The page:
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Old 04-08-2013, 01:30 PM   #1
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Will skid wheels cause damage themselves?

The overhang on my 3011DSF is enough that it left a nasty groove in the pavement at a local state park while pulling in to what I thought was a mild incline. Still learning the limitations of the new rig The problem is I flat tow as well and I'm worried that I could hit this situation when towing and pulling into a parking lot etc. I'm worried that the rig will drive the tow vehicle into the ground and tear up the suspension and tow bar or worse cause structural damage to the towed car. I am aware of angle of approach but in some cases you cannot avoid contact.

If I install skid wheels I'm worried that the modified frame will be damaged by the added weight or that and resulting weld breaks or cracks will be blamed on the wheels.

Can I safely install skid wheels? Will they void my warranty? There must be some folks on here that have hit this issue so hopefully they can point me towards some products that work and share their experiences.

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Old 04-08-2013, 09:48 PM   #2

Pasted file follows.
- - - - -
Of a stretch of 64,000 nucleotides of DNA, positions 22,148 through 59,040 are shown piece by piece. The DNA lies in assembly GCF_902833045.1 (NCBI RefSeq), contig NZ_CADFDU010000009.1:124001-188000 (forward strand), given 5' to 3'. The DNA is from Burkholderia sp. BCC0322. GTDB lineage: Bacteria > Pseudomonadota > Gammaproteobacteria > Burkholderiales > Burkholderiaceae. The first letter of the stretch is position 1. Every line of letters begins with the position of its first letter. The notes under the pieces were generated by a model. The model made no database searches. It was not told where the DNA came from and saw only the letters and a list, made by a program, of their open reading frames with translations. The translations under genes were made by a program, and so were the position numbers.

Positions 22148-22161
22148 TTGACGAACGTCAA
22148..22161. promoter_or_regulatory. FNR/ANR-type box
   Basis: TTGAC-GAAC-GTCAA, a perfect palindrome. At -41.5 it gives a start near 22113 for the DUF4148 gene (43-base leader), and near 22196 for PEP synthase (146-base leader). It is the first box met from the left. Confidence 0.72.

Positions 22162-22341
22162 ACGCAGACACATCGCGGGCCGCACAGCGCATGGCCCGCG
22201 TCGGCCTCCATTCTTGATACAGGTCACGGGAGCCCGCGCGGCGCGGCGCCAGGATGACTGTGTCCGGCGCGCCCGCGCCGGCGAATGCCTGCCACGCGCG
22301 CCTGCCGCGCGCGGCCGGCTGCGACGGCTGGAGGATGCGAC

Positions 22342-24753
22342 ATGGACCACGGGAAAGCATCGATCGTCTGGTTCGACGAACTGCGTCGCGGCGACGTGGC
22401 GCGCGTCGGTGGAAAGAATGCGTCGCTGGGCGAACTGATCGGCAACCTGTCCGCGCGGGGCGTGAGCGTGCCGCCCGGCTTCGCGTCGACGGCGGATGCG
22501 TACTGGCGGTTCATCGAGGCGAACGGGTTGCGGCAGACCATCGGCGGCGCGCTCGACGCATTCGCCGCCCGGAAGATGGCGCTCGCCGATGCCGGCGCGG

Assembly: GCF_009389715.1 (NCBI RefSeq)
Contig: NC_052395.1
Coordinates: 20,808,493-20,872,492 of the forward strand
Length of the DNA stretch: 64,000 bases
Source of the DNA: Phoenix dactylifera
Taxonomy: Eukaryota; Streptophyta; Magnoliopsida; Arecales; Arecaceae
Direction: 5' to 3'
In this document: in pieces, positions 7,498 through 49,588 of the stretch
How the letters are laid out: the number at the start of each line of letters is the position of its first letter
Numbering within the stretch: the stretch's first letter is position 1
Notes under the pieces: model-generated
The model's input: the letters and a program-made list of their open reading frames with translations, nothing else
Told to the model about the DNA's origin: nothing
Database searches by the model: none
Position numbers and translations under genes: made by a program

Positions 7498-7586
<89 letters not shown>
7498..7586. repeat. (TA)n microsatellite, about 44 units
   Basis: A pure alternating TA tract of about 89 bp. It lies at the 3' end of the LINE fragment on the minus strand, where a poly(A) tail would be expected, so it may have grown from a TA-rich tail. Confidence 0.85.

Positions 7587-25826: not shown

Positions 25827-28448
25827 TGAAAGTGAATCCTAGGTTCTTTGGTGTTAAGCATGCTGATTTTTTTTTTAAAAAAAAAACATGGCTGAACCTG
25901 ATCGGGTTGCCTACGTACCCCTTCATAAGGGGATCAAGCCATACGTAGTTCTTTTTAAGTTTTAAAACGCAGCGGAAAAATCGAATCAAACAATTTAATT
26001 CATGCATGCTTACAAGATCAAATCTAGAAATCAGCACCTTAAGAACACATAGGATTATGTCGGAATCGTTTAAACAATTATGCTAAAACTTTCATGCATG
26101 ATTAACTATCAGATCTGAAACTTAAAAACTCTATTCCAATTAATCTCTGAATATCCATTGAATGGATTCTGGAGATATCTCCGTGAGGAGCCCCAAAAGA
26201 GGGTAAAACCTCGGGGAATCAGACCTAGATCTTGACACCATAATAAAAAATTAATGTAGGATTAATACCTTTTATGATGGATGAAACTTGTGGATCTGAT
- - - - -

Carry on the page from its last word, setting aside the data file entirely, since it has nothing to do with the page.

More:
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I've often thought that skid wheels are an incident waiting to happen. If the back end of the rig is going to hit the ground because of the configuration of the driveway, kerb or whatever, skid wheels will raise the rear end of your rig to prevent the frame grounding. They will inevitably impart an upwards force on the rear frame and could even lift the drive wheels off the ground.

Whether that upward bending force is less damaging that grounding the back of the frame is debatable.

From an engineering perspective, I'd be tempted to install the smallest, highest-located wheels that you think will solve your clearance problem. You can't cover every situation, but if the skid wheels are as far back and as high as possible you can cover most situations without serious consequences.